Marshall, a math whiz (“Second Wrangler”) at Cambridge, was only being faithful to his own system by drawing Q on the horizontal and P on the vertical axis: after all, his supply and demand functions were of the forms P = f(Q) and P = g(Q), respectively.

But if Figure 1 is from Marshall, how did we end up with Q = f(P) instead?

The quantity-form function (1)  is traceable  to Leon Walras (1834-1910). In this he followed the practice of a long line of Francophone economists beginning with the mathematician Antoine-Auguste Cournot (1801-1877), who was the true originator of the supply-and-demand diagram. Walras’s demand function was built up as it is done today—by quoting a price P and asking what the corresponding quantity demanded Q is at that price. An engineer by training (though uncompleted), Walras was no math slouch either and  knew perfectly well that a function such as (1) had to be drawn with Q on the vertical and P on the horizontal. Below is a diagram and quote from Walras’s major work, Elements of pure economics [1954 (1926)] that illustrates his orthodoxy:


Let there be two co-ordinate axes, as drawn in Fig. 1 [above]: a horizontal price axis, Op, and a vertical demand axis, Od. On the price axis, starting at the origin, O, I lay off the lengths Op’a, Op”a, . . . representing various possible prices of oats in terms of wheat, or of (A) in terms of (B). On the other axis, beginning at the same origin O, I measure the length Oad1, representing the quantity of oats…which our holder of wheat will demand at the price zero. On lines drawn through the points p’ap”a , . . . parallel to the vertical demand axis I lay off the lengths p’aa’1,  p”a a”1, . . . representing the quantities of oats or (A) which will be demanded at the prices p’ap”a , . . . respectively [Walras 1954: 93-94]. (Original italics.)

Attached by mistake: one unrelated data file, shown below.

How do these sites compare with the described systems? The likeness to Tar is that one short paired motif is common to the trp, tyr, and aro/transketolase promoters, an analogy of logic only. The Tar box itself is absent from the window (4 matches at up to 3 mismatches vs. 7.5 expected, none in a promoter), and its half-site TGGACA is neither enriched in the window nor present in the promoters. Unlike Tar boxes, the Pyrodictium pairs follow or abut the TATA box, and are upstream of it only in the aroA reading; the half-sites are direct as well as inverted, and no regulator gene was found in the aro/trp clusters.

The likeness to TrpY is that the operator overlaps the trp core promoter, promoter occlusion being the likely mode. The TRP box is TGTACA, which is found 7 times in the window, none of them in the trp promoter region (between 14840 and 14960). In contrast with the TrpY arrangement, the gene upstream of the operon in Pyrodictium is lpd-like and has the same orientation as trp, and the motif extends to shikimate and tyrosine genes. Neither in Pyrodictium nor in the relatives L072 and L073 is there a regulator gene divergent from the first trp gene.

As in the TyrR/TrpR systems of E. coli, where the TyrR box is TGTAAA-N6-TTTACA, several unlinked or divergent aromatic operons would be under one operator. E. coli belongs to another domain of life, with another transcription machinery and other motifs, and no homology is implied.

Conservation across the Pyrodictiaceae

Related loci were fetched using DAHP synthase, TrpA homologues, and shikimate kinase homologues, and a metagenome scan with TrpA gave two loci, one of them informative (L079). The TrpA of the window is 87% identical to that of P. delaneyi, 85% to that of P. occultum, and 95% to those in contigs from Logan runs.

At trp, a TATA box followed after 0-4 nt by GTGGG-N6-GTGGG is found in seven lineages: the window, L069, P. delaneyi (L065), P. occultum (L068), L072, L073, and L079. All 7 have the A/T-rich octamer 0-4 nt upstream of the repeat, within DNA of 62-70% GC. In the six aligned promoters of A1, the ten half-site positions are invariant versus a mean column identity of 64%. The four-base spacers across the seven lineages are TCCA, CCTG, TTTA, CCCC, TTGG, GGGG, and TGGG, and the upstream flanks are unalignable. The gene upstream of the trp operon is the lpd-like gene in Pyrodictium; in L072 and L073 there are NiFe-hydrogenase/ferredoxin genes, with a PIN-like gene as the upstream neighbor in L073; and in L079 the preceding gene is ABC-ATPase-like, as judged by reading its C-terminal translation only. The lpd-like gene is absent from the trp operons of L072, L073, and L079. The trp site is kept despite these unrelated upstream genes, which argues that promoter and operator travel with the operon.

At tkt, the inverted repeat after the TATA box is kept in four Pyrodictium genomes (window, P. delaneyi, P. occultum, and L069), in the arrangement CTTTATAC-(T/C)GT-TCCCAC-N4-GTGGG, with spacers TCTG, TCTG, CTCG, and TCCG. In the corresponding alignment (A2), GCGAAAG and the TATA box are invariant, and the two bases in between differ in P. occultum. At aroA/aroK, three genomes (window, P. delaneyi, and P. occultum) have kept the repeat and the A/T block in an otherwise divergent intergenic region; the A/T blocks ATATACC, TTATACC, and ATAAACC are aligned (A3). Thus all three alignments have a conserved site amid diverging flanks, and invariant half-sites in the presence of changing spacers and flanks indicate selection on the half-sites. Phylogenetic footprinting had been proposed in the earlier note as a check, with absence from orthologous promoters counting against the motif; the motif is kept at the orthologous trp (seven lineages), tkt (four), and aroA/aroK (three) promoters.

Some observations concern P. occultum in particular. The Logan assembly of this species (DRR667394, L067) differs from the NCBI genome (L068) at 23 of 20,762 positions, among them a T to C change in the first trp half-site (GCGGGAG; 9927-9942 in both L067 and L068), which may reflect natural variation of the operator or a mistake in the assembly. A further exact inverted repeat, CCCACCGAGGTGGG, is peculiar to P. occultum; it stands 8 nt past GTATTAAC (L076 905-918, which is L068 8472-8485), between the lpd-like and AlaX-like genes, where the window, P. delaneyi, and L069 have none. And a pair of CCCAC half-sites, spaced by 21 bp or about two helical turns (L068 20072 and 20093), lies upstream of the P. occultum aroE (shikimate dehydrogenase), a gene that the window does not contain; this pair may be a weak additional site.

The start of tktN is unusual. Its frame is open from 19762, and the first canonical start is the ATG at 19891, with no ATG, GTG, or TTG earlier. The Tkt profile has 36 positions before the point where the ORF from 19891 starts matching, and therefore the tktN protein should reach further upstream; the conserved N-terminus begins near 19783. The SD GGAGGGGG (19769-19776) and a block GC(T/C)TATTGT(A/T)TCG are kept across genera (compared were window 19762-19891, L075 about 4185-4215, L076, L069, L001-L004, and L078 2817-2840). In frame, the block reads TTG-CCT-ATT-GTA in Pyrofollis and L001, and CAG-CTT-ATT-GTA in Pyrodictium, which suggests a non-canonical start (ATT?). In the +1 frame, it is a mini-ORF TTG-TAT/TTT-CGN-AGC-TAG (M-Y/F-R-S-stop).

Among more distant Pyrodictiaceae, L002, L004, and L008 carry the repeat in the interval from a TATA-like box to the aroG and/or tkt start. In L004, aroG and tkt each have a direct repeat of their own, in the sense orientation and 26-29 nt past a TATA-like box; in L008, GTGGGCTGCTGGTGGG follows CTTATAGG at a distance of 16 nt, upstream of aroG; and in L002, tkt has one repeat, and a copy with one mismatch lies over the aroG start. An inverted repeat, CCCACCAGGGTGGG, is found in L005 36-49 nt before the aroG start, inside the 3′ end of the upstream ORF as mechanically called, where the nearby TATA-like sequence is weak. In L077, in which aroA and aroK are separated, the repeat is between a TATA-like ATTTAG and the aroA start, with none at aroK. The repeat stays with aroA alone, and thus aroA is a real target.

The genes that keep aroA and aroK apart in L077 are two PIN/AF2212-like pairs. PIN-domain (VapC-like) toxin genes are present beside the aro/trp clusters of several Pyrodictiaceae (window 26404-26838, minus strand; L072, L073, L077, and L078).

Okay, so now we’ve shown that Marshall and Walras each had different systems, and that each used the proper graphical representation of his work.

What is anomalous however is that current practice uses “Marshall’s graphs and Walras’s equations” [Page 1980: 138].

The disconnect occurred as follows: Marshall first gained wide acceptance for his entire approach and apparatus — including Figure 1 — particularly in the Anglophone countries, where his textbook was dominant for more than three decades. Indeed such was Marshall’s unquestioned hegemony down to the time of Keynes and Joan Robinson that entire generations of economists took it on faith that “It’s all in Marshall.”  In turn, of course, the global dominance of Anglophone economics further amplified the reach of Marshall’s approach and diagrams.

Around the 1940s, however,  American and British economists themselves began increasingly to share Walras’s concern for the purely formal problem of general equilibrium, in which the quantity-function form was the rule. In this  shifting landscape, J.R. Hicks (Value and capital 1940) was an important transitional figure who redirected attention away from Marshall’s realistic but make-do approach to economics, towards the more abstract, axiomatic work of Continental writers.  Definitive results in general equilibrium, of course, would be forthcoming only later, culminating in the work of  K. Arrow and G. Debreu (themselves a symbolic personal partnership of Anglophone and Francophone economics).  The more rigorous and comprehensive results from general-equilibrium theory guaranteed that quantity-function forms would rule at the highest levels of the profession.

Alas, by that time, however, in a curious case of path-dependence, it was too late to wean teachers and students from Marshall’s diagrams.

The result is the present incongruity, where Walrasian logic is still illustrated using Marshallian pedagogical tools.



Gordon, S. [1982] “Why did Marshall transpose the axes?”, Eastern Economic Journal 8(1): 31-45.

Marshall, A. [1920] Principles of economics, 8th edition. London: Macmillan and Co.

Page, A. [1980] Marshall’s graphs and Walras’s equations: a textbook anomaly” Economic Inquiry 18(1): 138-143.

Walras, L. [1954] Elements of pure economics (W. Jaffe, trans.) New York: Allen and Unwin.